Items filtered by date: April 2017

Have you ever swum in a river? I have. And you should do so too if you haven’t.

Unlike a swimming pool, a river is vibrant and alive. Unlike an ocean, it is intimate. If the river is relatively small like the one I used to swim in as a child, you will be able to swim leisurely across in less than thirty seconds. You will not want to swim too far along the river because the next bend always seems to flow into a rather dark section with roots and rocks jutting out towards the whistling waters as if eager for a dip.

Sadly, you may have to walk for days across vast valleys and rolling hills to find such a river that is still intimate and fully alive. This is because there are people in Kenya and across the world who keep strangling both small and big rivers.

The people who are strangling our rivers are those whose decisions are making climate change worse. This is because there is a direct relation between climate change and the current drought that is causing our rivers to dry up. You see, when greenhouse gas emissions are released into the air, they cause air temperatures to increase which causes more moisture to evaporate from land, rivers, lakes and other water bodies. Although other factors like deforestation and unsustainable irrigation can also cause rivers to dry up, climate change is the biggest culprit.

Nairobi’s four million residents are currently receiving a particularly painful blow from climate change – water rationing. Although most Nairobi residents especially those in Eastlands have been undergoing water rationing for years (I fall in this category), almost every member of the Capital City is now feeling the pinch. Earlier this month, an official from Nairobi Water and Sewerage Company attributed this dry-taps pinch to the fact that water levels at Ndakaini Dam have dropped to an all-time low of less than 25 per cent.

This unprecedented drop has been occasioned by diminished water volumes in the three rivers that drain into the swamp – Thika River, Githika River and Kayuyu River. Nairobians should be kissing the ground that these rivers walk on because they supply the water that ultimately ends up in their taps. Since Ndakaini Dam supplies 84 percent of Nairobi’s water, these three rivers are infinitely more important than the recently opened Two Rivers Shopping Mall, Africa’s newest and biggest Mall.

Anybody (including Mr. Trump) who harms these three rivers is basically harming four million Nairobians. If USA veers away from the green path that it had started walking on by speeding on with its harmful greenhouse gas emissions, climate change will continue causing drought and Nairobi’s Three Rivers will continue limping. Consequently, the water levels in Ndakaini Dam will nose dive further and Nairobi’s taps will remain dry. Expanding water sources for Nairobi will end up being a short-term measure because even those new sources depend on rivers that are alive, not dying.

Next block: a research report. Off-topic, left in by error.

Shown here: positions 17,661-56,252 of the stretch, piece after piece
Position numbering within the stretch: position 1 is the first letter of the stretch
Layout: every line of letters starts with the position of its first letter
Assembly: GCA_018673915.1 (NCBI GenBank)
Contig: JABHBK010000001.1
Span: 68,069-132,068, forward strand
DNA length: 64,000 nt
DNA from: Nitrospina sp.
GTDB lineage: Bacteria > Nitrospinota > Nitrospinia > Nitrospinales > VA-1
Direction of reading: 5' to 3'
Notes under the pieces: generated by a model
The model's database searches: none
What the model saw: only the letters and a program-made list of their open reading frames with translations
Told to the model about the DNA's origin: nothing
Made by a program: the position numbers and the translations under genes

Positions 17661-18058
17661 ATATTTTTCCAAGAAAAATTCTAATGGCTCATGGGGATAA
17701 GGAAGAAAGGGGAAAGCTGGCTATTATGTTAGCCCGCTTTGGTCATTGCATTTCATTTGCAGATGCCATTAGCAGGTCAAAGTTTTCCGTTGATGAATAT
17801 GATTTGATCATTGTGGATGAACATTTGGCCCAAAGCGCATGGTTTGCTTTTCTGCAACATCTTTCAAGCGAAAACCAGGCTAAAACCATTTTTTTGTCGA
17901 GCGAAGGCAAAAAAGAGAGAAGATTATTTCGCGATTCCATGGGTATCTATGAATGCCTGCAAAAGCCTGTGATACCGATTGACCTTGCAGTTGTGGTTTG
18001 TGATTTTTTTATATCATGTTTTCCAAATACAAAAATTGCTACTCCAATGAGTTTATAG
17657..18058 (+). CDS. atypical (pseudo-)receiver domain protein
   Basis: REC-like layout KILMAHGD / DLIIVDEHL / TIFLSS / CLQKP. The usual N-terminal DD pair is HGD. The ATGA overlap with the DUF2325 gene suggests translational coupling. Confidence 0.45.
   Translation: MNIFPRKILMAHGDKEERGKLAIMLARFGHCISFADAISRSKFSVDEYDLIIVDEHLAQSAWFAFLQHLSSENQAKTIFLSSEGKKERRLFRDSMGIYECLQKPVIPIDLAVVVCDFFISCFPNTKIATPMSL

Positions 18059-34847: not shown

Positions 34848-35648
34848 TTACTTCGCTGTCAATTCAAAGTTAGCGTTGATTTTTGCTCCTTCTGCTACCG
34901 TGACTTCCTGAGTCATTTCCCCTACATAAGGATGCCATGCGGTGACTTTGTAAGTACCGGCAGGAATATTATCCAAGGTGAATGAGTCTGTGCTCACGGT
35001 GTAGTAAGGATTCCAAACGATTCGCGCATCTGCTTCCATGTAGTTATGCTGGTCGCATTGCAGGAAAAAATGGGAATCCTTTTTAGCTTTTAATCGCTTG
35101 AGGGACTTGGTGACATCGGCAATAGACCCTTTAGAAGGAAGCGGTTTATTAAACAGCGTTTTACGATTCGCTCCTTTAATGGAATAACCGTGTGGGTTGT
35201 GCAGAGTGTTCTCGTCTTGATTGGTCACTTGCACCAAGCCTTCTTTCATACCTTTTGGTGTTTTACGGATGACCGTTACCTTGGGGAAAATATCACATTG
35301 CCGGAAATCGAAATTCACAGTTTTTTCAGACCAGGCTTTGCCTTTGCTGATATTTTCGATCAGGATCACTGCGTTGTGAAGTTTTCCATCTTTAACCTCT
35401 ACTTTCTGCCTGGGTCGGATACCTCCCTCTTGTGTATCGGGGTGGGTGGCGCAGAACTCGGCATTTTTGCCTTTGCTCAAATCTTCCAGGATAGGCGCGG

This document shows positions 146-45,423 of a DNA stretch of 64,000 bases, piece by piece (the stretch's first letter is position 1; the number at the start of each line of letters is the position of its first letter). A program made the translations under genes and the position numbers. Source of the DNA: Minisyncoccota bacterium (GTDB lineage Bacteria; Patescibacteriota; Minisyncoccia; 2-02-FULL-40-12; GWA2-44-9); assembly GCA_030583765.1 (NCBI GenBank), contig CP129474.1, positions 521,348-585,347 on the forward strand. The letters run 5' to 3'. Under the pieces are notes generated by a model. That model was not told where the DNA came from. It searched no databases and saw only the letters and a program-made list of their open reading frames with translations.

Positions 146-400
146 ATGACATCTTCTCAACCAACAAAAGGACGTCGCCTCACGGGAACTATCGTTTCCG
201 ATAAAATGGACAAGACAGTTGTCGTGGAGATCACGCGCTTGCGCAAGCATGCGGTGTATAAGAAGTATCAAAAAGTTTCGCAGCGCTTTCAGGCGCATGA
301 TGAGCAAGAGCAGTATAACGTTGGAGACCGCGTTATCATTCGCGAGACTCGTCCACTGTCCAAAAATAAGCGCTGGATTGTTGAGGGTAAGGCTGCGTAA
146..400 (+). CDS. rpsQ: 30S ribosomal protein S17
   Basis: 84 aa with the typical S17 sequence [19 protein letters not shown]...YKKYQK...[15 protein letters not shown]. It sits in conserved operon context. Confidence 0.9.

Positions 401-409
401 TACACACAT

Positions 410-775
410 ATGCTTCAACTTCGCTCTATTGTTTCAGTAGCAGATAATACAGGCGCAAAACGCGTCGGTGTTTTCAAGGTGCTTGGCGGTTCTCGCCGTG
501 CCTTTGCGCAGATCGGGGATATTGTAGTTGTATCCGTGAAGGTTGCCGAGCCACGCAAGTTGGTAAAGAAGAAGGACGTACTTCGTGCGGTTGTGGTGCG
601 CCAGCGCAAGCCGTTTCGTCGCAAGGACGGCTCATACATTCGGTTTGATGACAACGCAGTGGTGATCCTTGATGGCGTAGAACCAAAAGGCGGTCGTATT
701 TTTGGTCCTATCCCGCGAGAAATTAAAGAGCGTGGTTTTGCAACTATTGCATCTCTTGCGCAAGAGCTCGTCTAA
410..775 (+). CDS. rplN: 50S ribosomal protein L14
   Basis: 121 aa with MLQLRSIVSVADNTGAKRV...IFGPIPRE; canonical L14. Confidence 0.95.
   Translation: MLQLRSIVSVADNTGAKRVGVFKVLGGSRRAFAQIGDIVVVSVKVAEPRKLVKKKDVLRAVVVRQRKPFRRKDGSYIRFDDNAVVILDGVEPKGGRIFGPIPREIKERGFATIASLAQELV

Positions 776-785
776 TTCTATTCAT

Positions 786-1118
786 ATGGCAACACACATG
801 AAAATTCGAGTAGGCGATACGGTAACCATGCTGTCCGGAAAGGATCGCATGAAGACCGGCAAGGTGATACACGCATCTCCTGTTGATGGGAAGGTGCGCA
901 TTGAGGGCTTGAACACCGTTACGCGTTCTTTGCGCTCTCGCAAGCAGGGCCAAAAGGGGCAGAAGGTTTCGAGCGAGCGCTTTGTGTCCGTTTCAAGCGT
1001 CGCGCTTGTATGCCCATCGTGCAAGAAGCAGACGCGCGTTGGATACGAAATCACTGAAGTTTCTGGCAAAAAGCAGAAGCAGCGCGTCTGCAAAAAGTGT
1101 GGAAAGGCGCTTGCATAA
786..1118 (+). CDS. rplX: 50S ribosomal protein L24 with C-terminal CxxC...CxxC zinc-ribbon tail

The kind of rivers that I used to swim in.

My first-time hiking was through a 1.5-kilometer, manicured trail near the Hollywood sign in Los Angeles, California. The crisp air and the 77-degree Fahrenheit temperature was perfect for shorts and a tank. I never even broke a sweat.

The second time I hiked it was through 36-kilometers of Central African tropical rainforest. Termite ants fought for the opportunity to suture their mandibles into my skin and become martyrs for their queen. Eighty-seven degree weather, 94 percent humidity, and “wide-mouth” water bottles kept me drenched.

Why did I get five vaccinations, wait in seven-hour passport lines, and need a prescription for a pill whose major side effect is “violent dreams?” It was all to conduct a “Frugivore Feeding and Abundance” survey of the recently reopened Bouamir Research Station in Cameroon.

Frugivores are a group of animals whose diets are comprised of mostly fruit. Chimpanzees, elephants, and gorillas are all frugivores. Trees don’t produce fruits because they love the attention of animals, nor do they produce fruits because they have an innate desire to be useful. Fruits are the by-product of thousands of years of natural selection attempting to efficiently disperse seeds.

When a black-casqued hornbill consumes a palm fruit and its seeds, the seeds of the palm fruit aren’t doomed. They have just moved on to the next steps of the seed dispersal cycle. The black-casqued hornbill will continue living, and eventually its droppings will serve as a vehicle for dispersal for these seeds. Although some seeds are dispersed by abiotic factors—like the wind—animals are so important to the dispersal of seeds that recent studies estimate 80 percent of all African woody plants have fruits and seeds that are adapted to being dispersed by frugivores. Without frugivores dispersing these seeds, new trees wouldn’t germinate, and forests wouldn’t regenerate.